For those who hope to see the Bush Justice Department unmasked, news seems to be moving at a snail's pace. But a recent report offers some encouraging news.
Manu Raju, of The Hill, reports that major news on the investigation could come before the November elections. Raju writes:
The federal investigation into the firing of nine U.S. attorneys could jolt the political landscape ahead of the November elections, according to several people close to the inquiry.
Washington’s attention has been diverted from the scandal since the August resignation of Alberto Gonzales as attorney general, and has focused instead on Democrats’ efforts to hold White House officials in contempt for ignoring congressional subpoenas to testify on Capitol Hill about the firings.
But recent behind-the-scenes activity in several investigations suggests that the issue that roiled Congress in 2007 could re-emerge in the heat of the election year. Two inquiries by the House and Senate ethics committees are examining whether several congressional Republicans, including one running for the Senate this year, improperly interfered with investigations.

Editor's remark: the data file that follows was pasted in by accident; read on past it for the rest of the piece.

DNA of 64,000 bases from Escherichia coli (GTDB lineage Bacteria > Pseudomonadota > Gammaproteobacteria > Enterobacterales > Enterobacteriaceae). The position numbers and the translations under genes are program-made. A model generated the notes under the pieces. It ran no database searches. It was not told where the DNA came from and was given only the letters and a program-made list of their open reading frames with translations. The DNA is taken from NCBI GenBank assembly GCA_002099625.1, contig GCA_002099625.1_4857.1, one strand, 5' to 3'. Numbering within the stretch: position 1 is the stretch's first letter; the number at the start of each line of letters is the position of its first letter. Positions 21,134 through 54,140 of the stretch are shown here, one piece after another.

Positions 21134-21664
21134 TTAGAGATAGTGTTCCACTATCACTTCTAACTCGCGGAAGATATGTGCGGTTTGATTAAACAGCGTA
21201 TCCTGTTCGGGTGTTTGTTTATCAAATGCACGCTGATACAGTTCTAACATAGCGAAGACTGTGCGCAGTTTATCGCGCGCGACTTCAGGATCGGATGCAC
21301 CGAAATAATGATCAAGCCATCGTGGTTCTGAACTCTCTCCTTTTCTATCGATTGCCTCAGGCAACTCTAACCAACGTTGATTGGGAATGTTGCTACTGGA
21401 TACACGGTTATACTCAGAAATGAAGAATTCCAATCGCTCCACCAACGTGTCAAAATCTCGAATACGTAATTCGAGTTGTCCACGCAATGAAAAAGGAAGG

Congressional investigations appear to be far narrower than a sprawling inquiry launched by the Justice Department’s Office of Inspector General (OIG) and the Office of Professional Responsibility (OPR), Raju reports:
Investigators from these offices have been questioning whether senior officials lied to Congress, violated the criminal provisions in the Hatch Act, tampered with witnesses preparing to testify to Congress, obstructed justice, took improper political considerations into account during the hiring and firing of U.S. attorneys and created widespread problems in the department’s Civil Rights Division, according to several people familiar with the investigation.
The internal Justice Department probe cannot bring charges but can refer findings to a U.S. attorney for the District of Columbia or a special prosecutor, who could then pursue a criminal investigation. One source close to the investigation expects the offices to issue a scathing report within the next three months, but they have not announced a timeline for their joint inquiry.
What could it all mean? Raju provides perspective:
“I think it could be historic,” said David Iglesias, former U.S. attorney in New Mexico, who was one of the nine ordered to resign by the Bush administration. “Arguably it’s the most significant investigation OPR and OIG have done in a generation, or maybe ever.”